Australia: Crown threatened to call in minister over watchdog’s money laundering push

Crown Resorts’ former top legal officer threatened to call Victoria’s gaming minister and complain that the state’s gambling watchdog was pushing it to adopt stronger measures to guard against money laundering at its Melbourne casino.

Victorian Commission for Gaming and Liquor Regulation (VCGLR) licensing manager Jason Cremona told the state’s royal commission into Crown on Tuesday that the casino responded “pretty aggressively” to his May 2019 letter raising concerns it had failed to act on a key recommendation from its 2018 licence review.

The VCGLR had told Crown to start recording how many millions of dollars each high-roller was betting during “junket” gambling tours at Crown by July 1, 2019, to address the risk their anonymity was enabling money laundering. But by May 2019 it was apparent Crown had taken no steps towards implementing that, prompting Mr Cremona’s letter.

Mr Cremona said he received a phone call the next day, on May 23, from Crown representative Michelle Fielding, who told him the group’s then chief legal officer Joshua Preston was “furious” and would probably “call the minister to complain”.

“I was clearly taken aback by the tone, the aggressive nature,” Mr Cremona told Commissioner Ray Finkelstein, QC, in the inquiry’s second day of public hearings. “Referencing calling the minister is almost like: well we take offence to what you said and we are going to take action.”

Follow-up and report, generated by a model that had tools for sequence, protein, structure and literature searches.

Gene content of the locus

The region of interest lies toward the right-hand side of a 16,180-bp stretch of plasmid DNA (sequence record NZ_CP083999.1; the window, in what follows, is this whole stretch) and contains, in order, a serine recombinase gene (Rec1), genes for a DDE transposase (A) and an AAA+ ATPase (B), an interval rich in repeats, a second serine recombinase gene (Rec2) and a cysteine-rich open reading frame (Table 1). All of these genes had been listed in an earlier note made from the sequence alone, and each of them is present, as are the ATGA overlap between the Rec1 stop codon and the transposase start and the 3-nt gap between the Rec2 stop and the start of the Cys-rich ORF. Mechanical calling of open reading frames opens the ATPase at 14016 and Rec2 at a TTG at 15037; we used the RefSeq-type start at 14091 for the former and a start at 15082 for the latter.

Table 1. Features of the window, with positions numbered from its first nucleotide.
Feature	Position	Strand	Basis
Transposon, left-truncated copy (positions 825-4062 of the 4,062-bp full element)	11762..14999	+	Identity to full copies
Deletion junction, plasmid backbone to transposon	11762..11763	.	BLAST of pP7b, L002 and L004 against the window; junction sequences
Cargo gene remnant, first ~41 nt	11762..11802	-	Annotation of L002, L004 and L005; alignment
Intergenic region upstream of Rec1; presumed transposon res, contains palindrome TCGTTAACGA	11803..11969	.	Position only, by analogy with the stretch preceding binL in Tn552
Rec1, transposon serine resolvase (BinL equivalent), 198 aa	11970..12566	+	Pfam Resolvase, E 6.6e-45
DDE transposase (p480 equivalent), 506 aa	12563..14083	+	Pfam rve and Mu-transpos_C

Commissioner Finkelstein asked if Mr Cremona thought Crown’s intention was to get the VCGLR to withdraw its requirement for Crown to act on the recommendation.

“Yes to an extent,” Mr Cremona responded. “But I was pretty solid in my position… there was no evidence Crown was taking any action to address recommendation 17 in line with our expectations.”

Mr Preston left Crown last year after being grilled for several days at the NSW Bergin inquiry, which found the company was unfit to hold a casino licence in part because it had facilitated money laundering at its Melbourne and Perth casinos. There is no evidence Mr Preston did call Victoria’s gaming minister, which at the time was Marlene Kairouz, who stepped down from cabinet last year after The Age and 60 Minutes reported on her involvement in a branch-stacking scandal. Ms Fielding remains at Crown in a senior legal role.

The original full article can be found at brisbanetimes.com.au

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